Red meat increases the risk of death
Red meat consumption has been linked to significant health risks, such as pancreatic cancer, bladder cancer or diabetes, in numerous previous studies. Now, US researchers have examined the effects of red meat consumption on general mortality for the first time.
The researchers around Dr. Pan and Frank Hu from the Department of Nutrition and Epidemiology at the Harvard School of Public Health report in the online edition of the journal "Archives of International Medicine" that their study comes to the clear results that mortality from daily consumption of red Meat is significantly increased. Therefore, substitution of the red meat with other healthier protein sources is recommended.
Cardiovascular diseases and cancer caused by red meat In general, all types of meat are designated as red meat which, when raw, have a distinct red color. They are, for example, beef, pork, goat or lamb. Consumption is relatively widespread in the modern industrialized nations, although it has already been known from previous studies that this can be associated with a not inconsiderable health risk. Because with regular consumption, the risk of cardiovascular diseases and certain cancers is demonstrably significantly increased. As part of their study, the US scientists have now evaluated the data of 37 698 men from the Health Professionals Follow-up Study (1986-2008) and 83 644 women from the Nurses Health Study (1980-2008). All study participants considered were free of cardiovascular diseases and cancer at the beginning of the studies. Every four years, questionnaires were also used to record the subjects' diet.
Mortality from daily consumption of red meat increased significantly 23,926 study participants died in the study period, 5,910 of them due to cardiovascular diseases and 9,464 from cancer, report Frank Hu and colleagues. According to the scientists, mortality was also clearly related to the consumption of red meat. The US researchers explained that by substituting one serving of red meat per day, the mortality rate for daily consumption of unprocessed red meat increased by as much as 20 percent for daily consumption of processed products such as salami, ham or other sausages other foods (including fish, poultry, nuts, legumes, low-fat dairy products, and whole grains) would reduce mortality by seven to nineteen percent, according to Frank Hu and colleagues. Nuts as a substitute for a portion of red meat have the most significant effect here with a 19 percent reduction in mortality, but whole grains and poultry also result in a 14 percent reduction in mortality, the US researchers explained. With fish as a substitute, the mortality rate is still seven percent lower than with the daily consumption of red meat, Hu and colleagues write.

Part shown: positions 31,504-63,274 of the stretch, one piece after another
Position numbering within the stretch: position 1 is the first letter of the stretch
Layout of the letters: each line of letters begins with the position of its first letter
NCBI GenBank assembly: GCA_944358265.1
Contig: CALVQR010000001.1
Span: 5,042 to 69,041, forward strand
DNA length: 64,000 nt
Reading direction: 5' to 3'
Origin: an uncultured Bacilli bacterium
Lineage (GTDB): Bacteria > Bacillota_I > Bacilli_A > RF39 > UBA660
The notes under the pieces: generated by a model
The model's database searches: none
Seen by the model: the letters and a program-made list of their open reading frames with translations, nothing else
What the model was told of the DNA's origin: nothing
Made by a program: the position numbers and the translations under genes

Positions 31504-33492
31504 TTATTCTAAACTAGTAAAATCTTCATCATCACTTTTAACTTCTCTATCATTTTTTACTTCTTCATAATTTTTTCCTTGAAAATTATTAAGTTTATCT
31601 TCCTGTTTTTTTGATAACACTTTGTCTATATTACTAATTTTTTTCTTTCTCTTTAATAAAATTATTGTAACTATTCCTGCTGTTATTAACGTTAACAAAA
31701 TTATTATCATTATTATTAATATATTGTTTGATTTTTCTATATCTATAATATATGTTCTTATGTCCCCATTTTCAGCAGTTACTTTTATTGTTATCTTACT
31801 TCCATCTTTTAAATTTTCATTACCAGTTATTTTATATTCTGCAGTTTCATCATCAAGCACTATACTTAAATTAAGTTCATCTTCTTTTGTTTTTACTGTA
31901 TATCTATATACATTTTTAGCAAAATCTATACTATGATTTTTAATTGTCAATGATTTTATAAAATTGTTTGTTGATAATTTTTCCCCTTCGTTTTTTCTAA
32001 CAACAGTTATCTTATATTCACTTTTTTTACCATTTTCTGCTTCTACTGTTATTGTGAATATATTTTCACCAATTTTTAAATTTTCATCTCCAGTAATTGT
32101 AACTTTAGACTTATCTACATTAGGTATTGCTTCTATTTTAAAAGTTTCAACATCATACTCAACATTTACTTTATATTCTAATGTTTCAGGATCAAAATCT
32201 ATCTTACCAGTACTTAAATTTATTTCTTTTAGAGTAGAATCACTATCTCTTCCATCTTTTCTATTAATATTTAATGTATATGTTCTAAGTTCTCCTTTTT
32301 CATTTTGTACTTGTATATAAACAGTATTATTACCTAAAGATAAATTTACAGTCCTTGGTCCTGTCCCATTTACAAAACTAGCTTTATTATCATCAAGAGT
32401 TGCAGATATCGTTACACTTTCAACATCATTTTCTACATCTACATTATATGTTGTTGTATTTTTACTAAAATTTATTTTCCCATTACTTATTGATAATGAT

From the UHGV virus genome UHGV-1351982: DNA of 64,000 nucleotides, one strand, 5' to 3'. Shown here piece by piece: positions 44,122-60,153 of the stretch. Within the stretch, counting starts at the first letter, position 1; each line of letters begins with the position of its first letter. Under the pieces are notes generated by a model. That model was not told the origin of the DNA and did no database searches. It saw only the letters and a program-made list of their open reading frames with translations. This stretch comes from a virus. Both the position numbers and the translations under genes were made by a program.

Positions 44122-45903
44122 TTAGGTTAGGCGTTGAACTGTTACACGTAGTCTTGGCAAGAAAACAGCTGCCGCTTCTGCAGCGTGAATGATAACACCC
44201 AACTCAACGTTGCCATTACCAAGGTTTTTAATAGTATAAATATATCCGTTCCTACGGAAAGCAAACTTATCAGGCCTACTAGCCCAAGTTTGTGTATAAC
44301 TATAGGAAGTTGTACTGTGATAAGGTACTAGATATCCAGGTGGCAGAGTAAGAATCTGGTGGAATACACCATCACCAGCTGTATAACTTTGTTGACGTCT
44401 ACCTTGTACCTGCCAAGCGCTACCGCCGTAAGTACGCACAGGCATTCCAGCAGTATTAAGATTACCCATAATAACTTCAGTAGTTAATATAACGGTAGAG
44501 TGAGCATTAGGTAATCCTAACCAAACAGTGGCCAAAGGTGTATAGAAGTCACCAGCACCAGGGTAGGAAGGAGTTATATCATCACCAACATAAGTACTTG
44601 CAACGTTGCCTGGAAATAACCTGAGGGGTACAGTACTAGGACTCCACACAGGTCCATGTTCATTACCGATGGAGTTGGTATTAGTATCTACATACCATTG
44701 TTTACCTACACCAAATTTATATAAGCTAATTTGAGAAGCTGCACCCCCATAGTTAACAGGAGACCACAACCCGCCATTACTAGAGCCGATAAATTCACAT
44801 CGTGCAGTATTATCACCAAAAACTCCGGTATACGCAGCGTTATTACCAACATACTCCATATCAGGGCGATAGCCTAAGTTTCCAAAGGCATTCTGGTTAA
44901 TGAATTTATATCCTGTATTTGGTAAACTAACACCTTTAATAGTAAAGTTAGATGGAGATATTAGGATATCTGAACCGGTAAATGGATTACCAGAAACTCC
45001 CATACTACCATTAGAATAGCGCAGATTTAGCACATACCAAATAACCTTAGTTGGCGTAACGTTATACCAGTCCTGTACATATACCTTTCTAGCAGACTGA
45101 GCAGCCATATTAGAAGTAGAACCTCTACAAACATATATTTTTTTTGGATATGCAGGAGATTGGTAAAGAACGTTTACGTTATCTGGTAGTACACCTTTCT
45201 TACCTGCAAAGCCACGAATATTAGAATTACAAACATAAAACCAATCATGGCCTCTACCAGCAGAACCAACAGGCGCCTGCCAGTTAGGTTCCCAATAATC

Reducing Red Meat Consumption Based on deaths over the course of the present studies, US researchers said that 9.3 percent of men and 7.6 percent of deaths could have been prevented if all participants stopped eating red meat would have reduced less than 0.5 servings (approximately 42 grams) a day. According to Hu and colleagues, this illustrates the far-reaching effects that can be achieved with small changes in diet. According to the US scientists, there are also huge savings for the entire healthcare system. Because cancer and cardiovascular diseases are an essential cost factor in the healthcare system. While not all of these diseases can be attributed to the consumption of red meat, experts believe that the proportion should not be negligible, since red meat is also consistently popular in Germany. According to the German Butchers' Association, every German ate almost 40 kilograms of pork and more than eight kilos of beef and veal in 2011. A reduction in meat consumption therefore seems urgent. If the US researchers' target of less than 42 grams per day is to be observed, the per capita consumption of red meat in Germany should not exceed the limit of 15 kilograms. (fp)
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